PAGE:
22August2017

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Should the deal be allowed in poker?

With the biggest tournament in history underway ‘The Big One’ for the One Drop charity an age-old question has been brought into the spotlight again, the deal. Here, we will look at it in more detail.

Growing up you would have heard the phrase “it is not the winning it is the taking part that counts," but if you carry this motto over to poker you will quickly end up broke. With this in mind, the deal, which offers two or more players something that they want seems to almost be the most anti-poker rule that was ever invented, which supports the taking part motto.

Let’s look at the super satellite to The Big One tournament as the most-recent example of a huge deal that suited both players, but took away from the excitement of what was shaping up to be a good heads-up game.

The final two players were Gus Hansen and Shaun Deeb, who are both well-known professionals. Both players were left to play for qualification to the big one (worth $1,000,000) or win $1,000,000 cash and be the first substitute for (which would be full when the winner of this tournament won their qualification).

As heads-up play started the players took an unscheduled break and came to the conclusion that a deal would suit them both. Hansen wanted a shot at the $18.3 million first prize in the big one and Deeb was happy with the $1,000,000 cash.

So when they returned to the table Shaun Deeb pushed all in minus one chip, and Hansen called as he had him covered. As soon as the flop hit the table Hansen pushed all in and Deeb folded leaving himself with one chip, which essentially knocked him out of the tournament as the one chip didn’t even cover the ante for the next hand.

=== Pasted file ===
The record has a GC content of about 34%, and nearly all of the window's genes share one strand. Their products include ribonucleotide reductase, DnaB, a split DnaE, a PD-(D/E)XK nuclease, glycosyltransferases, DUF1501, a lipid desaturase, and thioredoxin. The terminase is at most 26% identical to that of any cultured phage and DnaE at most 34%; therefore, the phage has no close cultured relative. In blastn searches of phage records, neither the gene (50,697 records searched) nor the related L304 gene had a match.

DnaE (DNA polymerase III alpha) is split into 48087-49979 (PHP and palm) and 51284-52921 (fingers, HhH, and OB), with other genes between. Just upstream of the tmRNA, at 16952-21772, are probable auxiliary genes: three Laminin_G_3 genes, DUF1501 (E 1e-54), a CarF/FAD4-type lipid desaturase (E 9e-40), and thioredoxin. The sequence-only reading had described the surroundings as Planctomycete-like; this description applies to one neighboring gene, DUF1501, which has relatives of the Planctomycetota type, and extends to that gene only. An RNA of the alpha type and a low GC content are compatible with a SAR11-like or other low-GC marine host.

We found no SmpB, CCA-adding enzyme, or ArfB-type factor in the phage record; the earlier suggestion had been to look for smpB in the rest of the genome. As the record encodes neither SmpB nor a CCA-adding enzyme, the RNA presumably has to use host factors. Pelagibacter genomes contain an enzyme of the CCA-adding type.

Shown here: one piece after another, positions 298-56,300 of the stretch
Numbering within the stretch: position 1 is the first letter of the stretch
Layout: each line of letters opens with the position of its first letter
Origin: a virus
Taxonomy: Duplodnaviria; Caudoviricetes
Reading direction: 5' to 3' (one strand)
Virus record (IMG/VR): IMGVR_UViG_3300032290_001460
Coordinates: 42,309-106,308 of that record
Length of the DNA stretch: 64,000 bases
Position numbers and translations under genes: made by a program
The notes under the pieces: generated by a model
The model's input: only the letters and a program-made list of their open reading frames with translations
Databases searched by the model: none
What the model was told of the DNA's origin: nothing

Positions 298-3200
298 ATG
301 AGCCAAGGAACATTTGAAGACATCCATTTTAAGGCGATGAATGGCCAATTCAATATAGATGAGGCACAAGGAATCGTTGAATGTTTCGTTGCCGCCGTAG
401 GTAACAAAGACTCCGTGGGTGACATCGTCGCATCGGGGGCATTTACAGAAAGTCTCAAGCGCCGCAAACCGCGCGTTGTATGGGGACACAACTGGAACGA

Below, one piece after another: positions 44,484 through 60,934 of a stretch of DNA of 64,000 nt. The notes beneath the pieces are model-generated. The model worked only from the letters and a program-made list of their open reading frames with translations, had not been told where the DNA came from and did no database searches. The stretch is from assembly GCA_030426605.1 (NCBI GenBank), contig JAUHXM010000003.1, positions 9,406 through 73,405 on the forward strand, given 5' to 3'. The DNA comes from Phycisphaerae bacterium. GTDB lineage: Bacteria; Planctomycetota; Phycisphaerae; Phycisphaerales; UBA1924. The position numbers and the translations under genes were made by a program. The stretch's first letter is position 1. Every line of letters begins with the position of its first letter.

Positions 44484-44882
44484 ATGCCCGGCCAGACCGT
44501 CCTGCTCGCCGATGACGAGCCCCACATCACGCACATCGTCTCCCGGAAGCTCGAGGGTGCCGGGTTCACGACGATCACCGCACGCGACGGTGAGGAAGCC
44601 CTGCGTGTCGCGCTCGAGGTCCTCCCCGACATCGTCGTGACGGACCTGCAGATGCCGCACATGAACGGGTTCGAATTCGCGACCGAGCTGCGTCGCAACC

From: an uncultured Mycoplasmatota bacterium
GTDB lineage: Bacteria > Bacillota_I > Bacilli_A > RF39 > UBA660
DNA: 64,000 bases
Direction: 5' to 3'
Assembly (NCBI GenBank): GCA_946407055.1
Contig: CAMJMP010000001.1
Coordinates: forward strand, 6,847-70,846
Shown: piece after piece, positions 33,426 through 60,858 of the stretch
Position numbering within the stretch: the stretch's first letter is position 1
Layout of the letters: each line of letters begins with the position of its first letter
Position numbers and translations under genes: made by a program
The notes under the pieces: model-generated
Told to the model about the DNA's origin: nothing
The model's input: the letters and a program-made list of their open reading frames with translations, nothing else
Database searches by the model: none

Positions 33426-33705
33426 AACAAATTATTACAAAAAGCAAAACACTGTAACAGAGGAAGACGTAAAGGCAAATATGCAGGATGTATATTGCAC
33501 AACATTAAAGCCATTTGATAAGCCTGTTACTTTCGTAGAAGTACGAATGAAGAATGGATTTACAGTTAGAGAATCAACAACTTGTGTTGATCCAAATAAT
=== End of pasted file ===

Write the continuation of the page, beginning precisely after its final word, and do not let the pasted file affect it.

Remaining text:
Now to many people this seems like the players are being rewarded with what they want without actually winning. Hansen had won the tournament, but it didn’t really matter because they both got what they wanted so essentially they either both finished in second or first depending on how you look at things.

On the other hand, the variance in poker is so high that making a deal is the only way to guarantee that you get what when in the latter stages of a tournament. In the above situation, it suited the two remaining players at the table. Therefore, what is the real issue?  While it may have been a bit of an anti-climax, both players got what they wanted. Those watching didn’t pay $25,000 to enter the tournament, so they don’t really have a say in how it plays out.

The issue is that the deal environment is spreading to almost every MTT final table now. More players focus their time on trying to get a deal then winning the actual tournament and this kind of ruins the atmosphere. So, what’s the solution, you could make a deal and leave a decent amount to play for, but this still takes some of the excitement out of the final table, but at the moment it is the only solution.

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